As Dr. Nomalanga Mkhize notes, we do have a very difficult history. How do we actively pursue a better understanding of how we have gotten where we are as a nation?
Tseliso: Sizzla always spoke about “teaching de yout’ dem.” It begins at home man; what are the parents feeding their brains? Are they conscious that whatever it is automatically gets assimilated by the children? Positive vibes and support and less rhetoric and more action, you know, ACTUALLY fuck shit up! Also, asking questions is important.
Andrew: You don’t know what you don’t know, and in South Africa making sure people don’t know things has been a very sophisticated art form within the broad field of history. There’s a lot of re-teaching to be done in terms of history, but before we can teach kids we need to re-teach adults, parents and teachers.
Kagiso: I think folks should be on the same page in agreeing that versions of history fed to them are largely dubious. Academia has played a large part in fuelling that fire. More importantly, we should be asking who is telling history and with what intent.
What does freedom mean to you?
Andrew: Freedom is largely a catch phrase used in ad campaigns and government communication to create a general and vague sense of hope and goodwill, without having to bother exploring the details of daily life.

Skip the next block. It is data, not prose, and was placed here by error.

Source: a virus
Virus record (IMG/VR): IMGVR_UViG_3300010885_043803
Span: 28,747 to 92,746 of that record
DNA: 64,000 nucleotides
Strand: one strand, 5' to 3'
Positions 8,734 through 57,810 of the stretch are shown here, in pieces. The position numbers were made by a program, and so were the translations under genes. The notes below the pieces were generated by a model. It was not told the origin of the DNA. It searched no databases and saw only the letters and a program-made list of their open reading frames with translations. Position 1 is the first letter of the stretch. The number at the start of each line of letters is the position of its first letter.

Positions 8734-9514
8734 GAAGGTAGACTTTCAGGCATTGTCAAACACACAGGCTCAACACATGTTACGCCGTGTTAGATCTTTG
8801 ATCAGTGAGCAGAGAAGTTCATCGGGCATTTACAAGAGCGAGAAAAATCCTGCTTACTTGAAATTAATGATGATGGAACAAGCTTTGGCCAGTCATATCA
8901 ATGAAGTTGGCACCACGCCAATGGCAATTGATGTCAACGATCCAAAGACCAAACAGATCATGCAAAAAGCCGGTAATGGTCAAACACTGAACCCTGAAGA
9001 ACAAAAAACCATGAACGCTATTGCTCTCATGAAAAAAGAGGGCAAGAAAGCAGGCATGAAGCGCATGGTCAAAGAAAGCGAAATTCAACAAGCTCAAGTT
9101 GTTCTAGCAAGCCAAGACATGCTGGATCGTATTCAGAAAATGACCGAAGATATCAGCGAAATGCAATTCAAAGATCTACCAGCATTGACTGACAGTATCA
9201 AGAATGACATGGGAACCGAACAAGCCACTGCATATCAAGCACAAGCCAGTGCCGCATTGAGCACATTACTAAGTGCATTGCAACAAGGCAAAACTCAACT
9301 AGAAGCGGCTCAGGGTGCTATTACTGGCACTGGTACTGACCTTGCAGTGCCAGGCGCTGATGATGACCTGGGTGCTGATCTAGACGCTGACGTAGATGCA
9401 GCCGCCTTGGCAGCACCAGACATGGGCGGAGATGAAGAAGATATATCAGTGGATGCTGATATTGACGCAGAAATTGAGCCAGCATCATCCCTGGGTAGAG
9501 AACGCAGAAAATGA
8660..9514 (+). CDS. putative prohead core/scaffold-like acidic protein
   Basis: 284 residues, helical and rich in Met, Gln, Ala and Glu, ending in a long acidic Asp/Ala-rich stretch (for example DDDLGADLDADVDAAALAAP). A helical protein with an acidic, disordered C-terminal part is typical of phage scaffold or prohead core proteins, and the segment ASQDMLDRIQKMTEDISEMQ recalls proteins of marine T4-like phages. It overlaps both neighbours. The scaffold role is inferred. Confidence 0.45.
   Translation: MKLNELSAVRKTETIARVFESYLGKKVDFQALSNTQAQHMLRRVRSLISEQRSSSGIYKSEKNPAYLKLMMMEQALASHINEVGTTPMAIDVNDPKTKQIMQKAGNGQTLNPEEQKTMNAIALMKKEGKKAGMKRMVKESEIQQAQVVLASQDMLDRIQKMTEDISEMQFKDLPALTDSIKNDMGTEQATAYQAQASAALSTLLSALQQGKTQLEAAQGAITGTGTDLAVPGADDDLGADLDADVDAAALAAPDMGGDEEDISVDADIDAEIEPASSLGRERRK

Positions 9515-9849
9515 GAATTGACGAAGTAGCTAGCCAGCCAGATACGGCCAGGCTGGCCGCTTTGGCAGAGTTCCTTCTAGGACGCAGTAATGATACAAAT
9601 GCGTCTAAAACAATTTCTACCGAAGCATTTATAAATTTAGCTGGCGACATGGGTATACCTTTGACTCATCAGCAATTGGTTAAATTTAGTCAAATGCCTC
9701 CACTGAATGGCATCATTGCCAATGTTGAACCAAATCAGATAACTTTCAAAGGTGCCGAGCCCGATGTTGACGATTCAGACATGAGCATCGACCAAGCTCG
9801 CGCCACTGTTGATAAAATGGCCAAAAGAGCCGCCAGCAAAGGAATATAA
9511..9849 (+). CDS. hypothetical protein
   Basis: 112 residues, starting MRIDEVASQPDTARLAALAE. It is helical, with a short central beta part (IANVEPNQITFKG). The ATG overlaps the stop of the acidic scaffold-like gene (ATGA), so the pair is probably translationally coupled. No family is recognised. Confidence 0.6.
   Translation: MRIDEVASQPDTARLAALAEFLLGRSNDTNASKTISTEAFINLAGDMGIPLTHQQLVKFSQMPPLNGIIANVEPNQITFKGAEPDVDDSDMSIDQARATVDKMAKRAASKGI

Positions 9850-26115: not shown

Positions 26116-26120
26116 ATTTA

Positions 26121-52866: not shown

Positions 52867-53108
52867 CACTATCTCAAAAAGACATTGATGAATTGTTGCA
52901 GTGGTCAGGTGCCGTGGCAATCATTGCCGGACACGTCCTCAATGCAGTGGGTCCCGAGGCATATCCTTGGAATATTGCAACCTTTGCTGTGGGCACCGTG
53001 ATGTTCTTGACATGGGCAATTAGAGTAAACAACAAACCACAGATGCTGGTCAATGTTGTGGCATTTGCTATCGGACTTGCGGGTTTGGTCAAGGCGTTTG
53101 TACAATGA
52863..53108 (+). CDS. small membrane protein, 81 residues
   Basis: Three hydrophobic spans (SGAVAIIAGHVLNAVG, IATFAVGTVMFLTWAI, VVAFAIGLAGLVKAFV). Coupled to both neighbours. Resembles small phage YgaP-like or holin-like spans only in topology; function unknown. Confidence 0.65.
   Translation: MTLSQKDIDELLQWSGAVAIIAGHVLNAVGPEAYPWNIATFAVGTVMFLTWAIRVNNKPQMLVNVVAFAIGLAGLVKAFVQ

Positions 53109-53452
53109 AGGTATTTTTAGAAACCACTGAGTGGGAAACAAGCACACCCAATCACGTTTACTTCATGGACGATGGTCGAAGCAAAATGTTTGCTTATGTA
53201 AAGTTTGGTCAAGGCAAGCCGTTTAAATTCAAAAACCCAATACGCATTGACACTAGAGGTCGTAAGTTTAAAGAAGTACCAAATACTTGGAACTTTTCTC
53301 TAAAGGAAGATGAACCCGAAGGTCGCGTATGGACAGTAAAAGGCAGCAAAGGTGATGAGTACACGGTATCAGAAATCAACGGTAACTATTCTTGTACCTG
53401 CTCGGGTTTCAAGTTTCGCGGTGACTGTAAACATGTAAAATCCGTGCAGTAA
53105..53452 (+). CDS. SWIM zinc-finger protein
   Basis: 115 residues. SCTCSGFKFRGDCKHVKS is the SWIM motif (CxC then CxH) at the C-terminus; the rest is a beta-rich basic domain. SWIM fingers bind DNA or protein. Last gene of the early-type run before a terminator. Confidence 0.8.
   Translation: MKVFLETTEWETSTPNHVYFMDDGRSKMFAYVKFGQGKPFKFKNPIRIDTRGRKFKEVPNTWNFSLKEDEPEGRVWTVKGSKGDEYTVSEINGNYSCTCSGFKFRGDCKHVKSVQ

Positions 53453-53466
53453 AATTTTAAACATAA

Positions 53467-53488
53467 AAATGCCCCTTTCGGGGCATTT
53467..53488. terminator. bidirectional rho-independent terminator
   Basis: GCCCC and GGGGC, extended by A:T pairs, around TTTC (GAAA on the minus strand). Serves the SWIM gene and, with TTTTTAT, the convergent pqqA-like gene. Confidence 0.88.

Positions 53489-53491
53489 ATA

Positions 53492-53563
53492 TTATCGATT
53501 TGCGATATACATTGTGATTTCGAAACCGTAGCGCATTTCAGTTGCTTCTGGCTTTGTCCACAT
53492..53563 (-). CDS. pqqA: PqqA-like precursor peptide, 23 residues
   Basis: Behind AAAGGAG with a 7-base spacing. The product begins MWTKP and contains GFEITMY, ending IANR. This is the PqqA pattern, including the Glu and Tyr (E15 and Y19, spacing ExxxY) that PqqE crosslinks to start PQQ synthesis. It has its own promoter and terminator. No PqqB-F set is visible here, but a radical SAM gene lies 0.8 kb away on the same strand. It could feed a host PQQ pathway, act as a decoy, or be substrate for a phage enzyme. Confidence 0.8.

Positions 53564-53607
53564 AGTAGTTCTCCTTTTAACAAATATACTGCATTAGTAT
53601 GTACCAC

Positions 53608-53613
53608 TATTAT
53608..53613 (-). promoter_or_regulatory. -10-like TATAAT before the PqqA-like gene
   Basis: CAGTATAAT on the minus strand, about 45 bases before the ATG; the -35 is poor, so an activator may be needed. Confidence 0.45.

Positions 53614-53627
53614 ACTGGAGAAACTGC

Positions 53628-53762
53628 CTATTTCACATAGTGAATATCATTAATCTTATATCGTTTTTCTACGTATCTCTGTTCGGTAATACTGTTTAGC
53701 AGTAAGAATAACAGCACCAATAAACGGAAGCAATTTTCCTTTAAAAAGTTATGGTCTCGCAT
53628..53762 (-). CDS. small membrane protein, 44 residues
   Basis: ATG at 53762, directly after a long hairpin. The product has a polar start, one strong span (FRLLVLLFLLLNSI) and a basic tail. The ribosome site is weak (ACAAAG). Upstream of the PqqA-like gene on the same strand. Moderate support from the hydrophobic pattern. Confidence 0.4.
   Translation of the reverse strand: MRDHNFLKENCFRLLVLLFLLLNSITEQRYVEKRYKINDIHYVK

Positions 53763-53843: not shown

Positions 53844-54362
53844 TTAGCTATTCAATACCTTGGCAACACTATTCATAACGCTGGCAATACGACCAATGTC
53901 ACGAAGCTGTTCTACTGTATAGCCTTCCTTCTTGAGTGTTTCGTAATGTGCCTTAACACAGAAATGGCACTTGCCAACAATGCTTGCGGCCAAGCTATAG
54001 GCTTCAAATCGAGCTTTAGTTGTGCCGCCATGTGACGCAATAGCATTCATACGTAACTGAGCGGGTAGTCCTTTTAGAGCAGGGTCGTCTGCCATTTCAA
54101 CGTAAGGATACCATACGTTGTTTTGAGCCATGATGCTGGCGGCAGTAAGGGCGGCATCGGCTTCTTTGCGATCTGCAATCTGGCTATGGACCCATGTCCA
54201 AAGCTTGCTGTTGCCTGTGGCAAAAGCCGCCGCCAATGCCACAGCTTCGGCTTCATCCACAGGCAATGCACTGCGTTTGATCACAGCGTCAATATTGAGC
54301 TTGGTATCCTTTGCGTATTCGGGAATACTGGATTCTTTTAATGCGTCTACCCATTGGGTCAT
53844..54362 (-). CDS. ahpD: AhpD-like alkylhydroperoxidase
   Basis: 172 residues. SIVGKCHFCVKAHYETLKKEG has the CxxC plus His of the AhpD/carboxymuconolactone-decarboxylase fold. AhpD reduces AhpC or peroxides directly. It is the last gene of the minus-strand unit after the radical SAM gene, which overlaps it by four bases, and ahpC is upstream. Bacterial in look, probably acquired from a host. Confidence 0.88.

What challenges are young South Africans facing?
Andrew: Access to money, and access to the political and commercial networks necessary to be successful in the hustle for money. Access to a quality education, and access to the political and commercial networks necessary to be successful in the hustle for a quality education.
Kagiso: All of those and so much more at so many different levels.
On the other hand, what is unique/exciting about the current position and outlook of the youth in South Africa?
Tseliso: There seem to be more people asking questions. Some other guy at Oxford tried to make this the reserve some imagined ‘poor’. I find people who’ve got influence and use it to say questionable, dumb shit very lulz-worthy. Anyway, questions are being asked.
Andrew: Agreed. The questions that we couldn’t ask ourselves 20 years ago are now coming up. It might hurt, but answering them could relate opportunities to do something fresh, socio economically speaking.
Kagiso: And there’s a more radical approach that comes with asking these questions.
What will move our country forward?
Andrew: Thinking from scratch about why we work, and what we intend to do as a country with our loot once we’ve earned it. Are we going to be a laissez faire winner-takes-all capitalist set up forever, or is there another way?
Kagiso: I’m more interested in what will move the continent forward, so SA should seriously consider making greater efforts in building stronger relations with the rest of the continent. That is how it will ‘move forward’.
Extra credits: Shout-out homegirl Leila Dougan for readying the army in G-Town to film Dr. Mkhize’s part. Nuff faya to Ras Benji and the entire team at Azania Rizing for allowing us to use the footage they filmed during Rhodes Must Fall marches at UCT. Big love to Becomingphill; to Tumi Mogorosi; to Mokhele Ntho (alias Suade Ritchie); and to my Fratpack familia. Their music’s at the root of this whole vibe. Sibu Mpanza, thank you for letting us use your images. Village vibes man, the fire’s only as strong as the amount of wood helping it burn. Makwande!